At the same time, when you’re doing well it can be tempting to skip one of your rest days and run for two in a row. Maybe that’d be fine for someone fitter, but if you’re out of shape just don’t. You may not feel achey, you may feel desperate to move forward and carry on going, but running too soon before your body is rested and ready WILL give you the aches and WILL lead to injuries. I tried it in my second week I think, regretted it after about 5 minutes and ended up limping miserably most of the way round.
Week five includes the first BIG RUN. This is terrifying. You’re moving from running 5 minutes to suddenly doing 20 without stopping. The first two days are gentle: run 5 mins, walk 3 mins, run 5 mins, walk 3 mins for day one and then run 8 mins, walk 5 mins, run 8 mins on day two. Day three just involves your normal warm up and then running for twenty minutes. I got through days one and two easily. Day three was a real killer though. I had to try three times. But once I finally got it, I was SO proud. I even cried on the cool down (out of happiness, not pain!). If you’re trying it remember- go slow, find a flat route, and listen to your body. If its saying you can’t do it yet then have a small walk, start running again when you’re ready, have a couple of days to let your body recover and then try again.
It’s when you start doing the longer runs that I found you start getting the aches the next day. I’ve never had them too bad but being 25 maybe older runners would get them worse. My boyfriend definitely gets them worse than I do.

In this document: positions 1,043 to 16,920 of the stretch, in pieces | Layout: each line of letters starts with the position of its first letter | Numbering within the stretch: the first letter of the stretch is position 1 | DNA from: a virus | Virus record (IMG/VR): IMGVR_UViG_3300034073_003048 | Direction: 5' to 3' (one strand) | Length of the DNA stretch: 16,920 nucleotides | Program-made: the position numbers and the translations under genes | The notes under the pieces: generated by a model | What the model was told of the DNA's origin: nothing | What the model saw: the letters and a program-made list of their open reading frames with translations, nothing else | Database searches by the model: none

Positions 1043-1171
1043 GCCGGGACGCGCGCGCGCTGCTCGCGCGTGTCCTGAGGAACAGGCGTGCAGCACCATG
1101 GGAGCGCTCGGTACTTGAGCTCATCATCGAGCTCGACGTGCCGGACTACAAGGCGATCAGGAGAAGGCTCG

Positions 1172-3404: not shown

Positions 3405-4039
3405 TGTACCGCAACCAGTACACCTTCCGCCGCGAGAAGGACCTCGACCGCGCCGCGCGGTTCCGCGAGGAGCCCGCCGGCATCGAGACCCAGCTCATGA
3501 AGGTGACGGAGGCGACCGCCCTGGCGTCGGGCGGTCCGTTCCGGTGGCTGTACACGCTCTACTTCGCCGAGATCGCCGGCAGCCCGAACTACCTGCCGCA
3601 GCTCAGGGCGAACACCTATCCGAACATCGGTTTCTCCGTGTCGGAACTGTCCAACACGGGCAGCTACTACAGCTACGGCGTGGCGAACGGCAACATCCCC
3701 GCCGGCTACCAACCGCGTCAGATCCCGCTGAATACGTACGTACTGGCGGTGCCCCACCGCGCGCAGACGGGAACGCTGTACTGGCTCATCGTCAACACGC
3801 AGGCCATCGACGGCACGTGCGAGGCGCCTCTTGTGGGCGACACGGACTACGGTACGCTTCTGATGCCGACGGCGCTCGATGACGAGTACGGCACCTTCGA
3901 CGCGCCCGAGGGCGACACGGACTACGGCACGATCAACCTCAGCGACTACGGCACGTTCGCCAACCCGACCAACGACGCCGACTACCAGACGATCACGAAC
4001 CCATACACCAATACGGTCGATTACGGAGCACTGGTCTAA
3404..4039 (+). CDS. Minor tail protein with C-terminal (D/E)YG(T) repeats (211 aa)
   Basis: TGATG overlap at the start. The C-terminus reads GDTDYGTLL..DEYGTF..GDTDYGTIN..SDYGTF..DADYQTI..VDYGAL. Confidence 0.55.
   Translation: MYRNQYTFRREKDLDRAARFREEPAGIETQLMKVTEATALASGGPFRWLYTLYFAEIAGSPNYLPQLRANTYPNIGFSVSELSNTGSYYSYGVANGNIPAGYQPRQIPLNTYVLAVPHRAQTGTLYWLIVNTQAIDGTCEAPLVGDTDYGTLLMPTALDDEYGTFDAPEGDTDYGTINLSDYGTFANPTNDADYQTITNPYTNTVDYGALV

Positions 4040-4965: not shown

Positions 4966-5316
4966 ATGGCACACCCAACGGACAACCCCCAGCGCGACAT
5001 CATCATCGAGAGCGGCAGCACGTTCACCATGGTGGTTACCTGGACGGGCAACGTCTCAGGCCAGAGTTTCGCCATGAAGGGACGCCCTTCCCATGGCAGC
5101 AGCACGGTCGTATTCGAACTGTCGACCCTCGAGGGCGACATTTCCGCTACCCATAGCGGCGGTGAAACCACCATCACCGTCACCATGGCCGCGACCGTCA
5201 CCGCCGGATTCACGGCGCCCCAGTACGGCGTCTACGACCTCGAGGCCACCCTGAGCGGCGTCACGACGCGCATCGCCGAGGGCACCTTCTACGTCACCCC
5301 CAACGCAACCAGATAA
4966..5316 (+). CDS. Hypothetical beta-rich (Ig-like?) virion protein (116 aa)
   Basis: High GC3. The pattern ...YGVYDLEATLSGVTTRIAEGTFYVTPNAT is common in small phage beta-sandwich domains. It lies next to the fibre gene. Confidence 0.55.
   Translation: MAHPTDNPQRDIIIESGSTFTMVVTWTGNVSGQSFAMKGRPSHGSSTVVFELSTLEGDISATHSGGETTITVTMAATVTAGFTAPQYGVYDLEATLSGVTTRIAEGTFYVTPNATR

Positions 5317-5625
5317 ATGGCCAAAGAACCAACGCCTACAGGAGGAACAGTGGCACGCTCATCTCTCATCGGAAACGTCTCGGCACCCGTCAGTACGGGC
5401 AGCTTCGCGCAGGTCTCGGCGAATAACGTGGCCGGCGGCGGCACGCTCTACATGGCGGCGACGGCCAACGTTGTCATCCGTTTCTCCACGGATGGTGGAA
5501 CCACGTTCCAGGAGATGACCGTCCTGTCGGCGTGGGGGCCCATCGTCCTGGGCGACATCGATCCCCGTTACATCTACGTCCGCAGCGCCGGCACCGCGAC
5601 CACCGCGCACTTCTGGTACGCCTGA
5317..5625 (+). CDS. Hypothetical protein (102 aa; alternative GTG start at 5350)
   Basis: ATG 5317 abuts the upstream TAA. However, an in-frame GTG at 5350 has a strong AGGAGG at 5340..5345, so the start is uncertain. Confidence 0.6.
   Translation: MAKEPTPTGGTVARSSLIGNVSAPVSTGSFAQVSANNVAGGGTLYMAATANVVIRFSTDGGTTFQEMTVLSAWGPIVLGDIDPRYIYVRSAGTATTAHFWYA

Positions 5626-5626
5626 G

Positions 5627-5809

Week six is similar to week five- two days which are split up with walking and then a long 25 minute run at the end. Once you’ve done the 20 minuter then 25 minutes goes easily. It’s about this time when I found I’d stopped struggling and could finally start working on my speed and distance.
After week six you move away from the broken down runs and just do full 25 minute (week 7), 28 minute (week and finally 30 minute (week 9) runs. At this stage I moved away from the c25k and started my own programme, finding courses based on distance rather than time.
I found the c25k a fantastic starting point. It is meant to last nine weeks but I always seemed to be a week or so behind and then moved away after week six, so it probably lasted me 7-8 weeks. The app I used was also fantastic. You upload your music from your iPhone onto the app and then when you set out it plays the music automatically and either says out loud or vibrates when you need to change from walking to running. If your phone’s on silent it automatically sets the app to silent, which caught me out a few times, not feeling the vibrating and expecting to be told when to start running, so just be aware of that.
If someone had said to me I’d be able to run for over half an hour without stopping and without feeling too much out of breath, which I now can, within six months I’d never have believed them. But here I am, living proof. And I’ve lost about a stone in weight. I feel happier in my life, healthier, and just generally thrilled with how the c25k has worked out for me. I’d recommend it for anyone who wants a running programme which is doable, and which will give you a daily sense of achievement.
I’m so proud of how far I’ve come.
Good websites for more information:
http://www.c25k.com (c25k website)
http://c25k.cze.dk/ (c25k forums)
http://www.coolrunning.com/engine/2/2_3/181.shtml (good overview)
http://c25kapp.com/ (c25k iPhone app)